Angew. Chem. Int. Ed. 47, 1736 (2008).


    Exceptional Acceptance

    1. Stephen J. Simpson

    In 1960, Medawar and Burnet were awarded the Nobel Prize for Physiology or Medicine for showing that immunological tolerance to foreign grafts can be acquired. What this and many studies in animal models have shown since is that it is possible to “re-educate” the immune system of the recipient to the foreign antigens carried by the donor cells and grafts. The induction of full immune tolerance to transplanted organs has also been pursued in the clinic because this would dispense with the need for extensive immunosuppressive regimes currently used to prevent organ rejection.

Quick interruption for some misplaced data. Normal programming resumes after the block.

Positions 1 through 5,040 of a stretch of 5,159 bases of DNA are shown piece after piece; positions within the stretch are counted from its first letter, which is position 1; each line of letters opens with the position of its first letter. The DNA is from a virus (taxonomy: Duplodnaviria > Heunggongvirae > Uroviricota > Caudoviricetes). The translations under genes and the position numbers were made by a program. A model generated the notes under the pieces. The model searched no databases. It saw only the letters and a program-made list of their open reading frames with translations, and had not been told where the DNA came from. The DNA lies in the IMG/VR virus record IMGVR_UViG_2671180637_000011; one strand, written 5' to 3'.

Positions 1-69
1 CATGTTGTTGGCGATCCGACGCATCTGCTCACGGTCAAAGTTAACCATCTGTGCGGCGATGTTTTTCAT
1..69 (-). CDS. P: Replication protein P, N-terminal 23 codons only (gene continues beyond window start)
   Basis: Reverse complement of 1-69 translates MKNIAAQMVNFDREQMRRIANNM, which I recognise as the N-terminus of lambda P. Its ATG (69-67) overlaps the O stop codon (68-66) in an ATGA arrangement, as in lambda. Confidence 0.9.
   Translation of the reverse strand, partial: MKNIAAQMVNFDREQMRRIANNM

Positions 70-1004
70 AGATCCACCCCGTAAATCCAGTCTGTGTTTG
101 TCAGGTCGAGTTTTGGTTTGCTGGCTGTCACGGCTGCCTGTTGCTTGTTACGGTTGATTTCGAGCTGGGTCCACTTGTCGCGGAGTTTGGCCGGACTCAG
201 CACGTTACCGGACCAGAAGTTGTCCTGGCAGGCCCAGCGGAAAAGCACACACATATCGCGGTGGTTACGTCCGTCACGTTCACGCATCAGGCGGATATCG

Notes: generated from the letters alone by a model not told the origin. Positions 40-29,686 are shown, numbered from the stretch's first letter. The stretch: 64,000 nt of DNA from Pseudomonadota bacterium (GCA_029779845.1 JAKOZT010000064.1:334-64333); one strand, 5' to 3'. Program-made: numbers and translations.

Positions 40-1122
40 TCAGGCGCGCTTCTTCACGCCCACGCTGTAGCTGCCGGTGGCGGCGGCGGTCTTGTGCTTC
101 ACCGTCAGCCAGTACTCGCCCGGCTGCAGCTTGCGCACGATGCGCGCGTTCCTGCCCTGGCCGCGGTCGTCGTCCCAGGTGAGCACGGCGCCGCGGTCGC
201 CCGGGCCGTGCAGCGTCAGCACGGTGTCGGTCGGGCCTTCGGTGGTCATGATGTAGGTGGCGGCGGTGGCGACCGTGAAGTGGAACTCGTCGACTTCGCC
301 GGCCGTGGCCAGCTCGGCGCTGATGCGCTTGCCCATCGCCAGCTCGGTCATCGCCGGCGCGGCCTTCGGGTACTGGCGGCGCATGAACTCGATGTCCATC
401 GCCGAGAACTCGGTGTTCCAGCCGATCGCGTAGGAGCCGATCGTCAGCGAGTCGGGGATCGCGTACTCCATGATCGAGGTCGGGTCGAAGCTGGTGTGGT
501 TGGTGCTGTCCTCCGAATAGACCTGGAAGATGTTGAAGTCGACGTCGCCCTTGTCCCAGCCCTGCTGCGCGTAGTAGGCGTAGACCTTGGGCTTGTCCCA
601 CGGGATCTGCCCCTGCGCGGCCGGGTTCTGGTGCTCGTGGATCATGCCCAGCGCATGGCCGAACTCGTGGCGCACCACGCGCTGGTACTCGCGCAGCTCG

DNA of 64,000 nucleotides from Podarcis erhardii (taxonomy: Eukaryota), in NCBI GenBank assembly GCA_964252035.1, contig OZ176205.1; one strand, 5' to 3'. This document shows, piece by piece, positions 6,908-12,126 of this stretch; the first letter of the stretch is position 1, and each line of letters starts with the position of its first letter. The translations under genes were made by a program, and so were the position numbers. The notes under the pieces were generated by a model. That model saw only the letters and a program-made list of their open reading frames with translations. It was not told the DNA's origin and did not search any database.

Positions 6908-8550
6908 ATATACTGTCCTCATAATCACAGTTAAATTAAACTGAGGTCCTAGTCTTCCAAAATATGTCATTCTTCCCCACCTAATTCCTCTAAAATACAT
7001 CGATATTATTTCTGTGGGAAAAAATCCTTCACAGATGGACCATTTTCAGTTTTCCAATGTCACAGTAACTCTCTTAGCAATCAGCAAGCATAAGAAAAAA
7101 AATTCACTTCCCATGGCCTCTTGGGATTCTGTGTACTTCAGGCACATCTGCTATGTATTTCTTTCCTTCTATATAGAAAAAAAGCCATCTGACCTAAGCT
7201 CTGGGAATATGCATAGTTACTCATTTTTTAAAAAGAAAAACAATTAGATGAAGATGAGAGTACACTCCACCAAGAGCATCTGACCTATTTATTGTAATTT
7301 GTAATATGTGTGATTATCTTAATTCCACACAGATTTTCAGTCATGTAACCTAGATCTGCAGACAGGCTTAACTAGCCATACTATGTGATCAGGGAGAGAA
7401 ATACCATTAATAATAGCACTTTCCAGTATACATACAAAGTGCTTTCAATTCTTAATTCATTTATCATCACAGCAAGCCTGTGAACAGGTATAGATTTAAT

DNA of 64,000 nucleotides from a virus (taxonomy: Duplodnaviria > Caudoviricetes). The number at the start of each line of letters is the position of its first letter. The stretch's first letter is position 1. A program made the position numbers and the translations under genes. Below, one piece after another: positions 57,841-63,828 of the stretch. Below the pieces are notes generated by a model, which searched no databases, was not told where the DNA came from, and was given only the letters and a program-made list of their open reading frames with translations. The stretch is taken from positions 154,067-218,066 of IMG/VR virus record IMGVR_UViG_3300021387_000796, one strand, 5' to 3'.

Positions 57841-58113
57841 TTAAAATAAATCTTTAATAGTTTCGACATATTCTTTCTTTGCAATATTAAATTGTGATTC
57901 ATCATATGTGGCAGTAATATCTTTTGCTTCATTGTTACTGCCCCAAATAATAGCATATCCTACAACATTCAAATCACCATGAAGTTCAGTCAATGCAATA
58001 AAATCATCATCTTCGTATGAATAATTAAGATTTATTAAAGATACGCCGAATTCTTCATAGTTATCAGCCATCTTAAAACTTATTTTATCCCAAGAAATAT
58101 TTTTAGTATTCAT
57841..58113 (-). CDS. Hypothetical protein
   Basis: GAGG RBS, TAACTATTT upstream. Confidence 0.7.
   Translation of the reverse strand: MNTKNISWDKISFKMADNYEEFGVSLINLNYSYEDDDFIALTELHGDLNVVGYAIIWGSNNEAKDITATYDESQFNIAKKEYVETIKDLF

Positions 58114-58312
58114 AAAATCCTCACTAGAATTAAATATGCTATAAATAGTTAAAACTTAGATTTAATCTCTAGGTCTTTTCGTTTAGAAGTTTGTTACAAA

Scandling et al. and Kawai et al. report cases of human kidney transplantation in which hematopoietic cells from the donor were co-transplanted with the organ, followed by distinct protocols of conditioning involving depletion of host cells. In the first study, this resulted in ongoing mixed chimerism; meaning that there were comparable proportions of donor and recipient hematopoietic cells circulating in the body. In the second study, the extent of chimerism was considerably less and was also transient. Nevertheless, in both clinical settings it was possible to discontinue immunosuppressive drugs without significant adverse responses to the grafted organs; furthermore, cellular evidence of immunological tolerance was detected. In a third study, Alexander et al. describe a female liver transplant patient in which a spontaneous switch occurred in the blood group and—because the donor was male—the sex of the circulating leukocytes. Impressively, the removal of immunosuppressive drugs, which was undertaken to resolve hemolytic anemia in the patient, resulted in complete chimerism (meaning that all hematopoietic cells were of donor origin) and long-term acceptance of the grafted liver. These three studies reveal that immunological acceptance of transplanted organs is a realistic goal worthy of further exploration. — SJS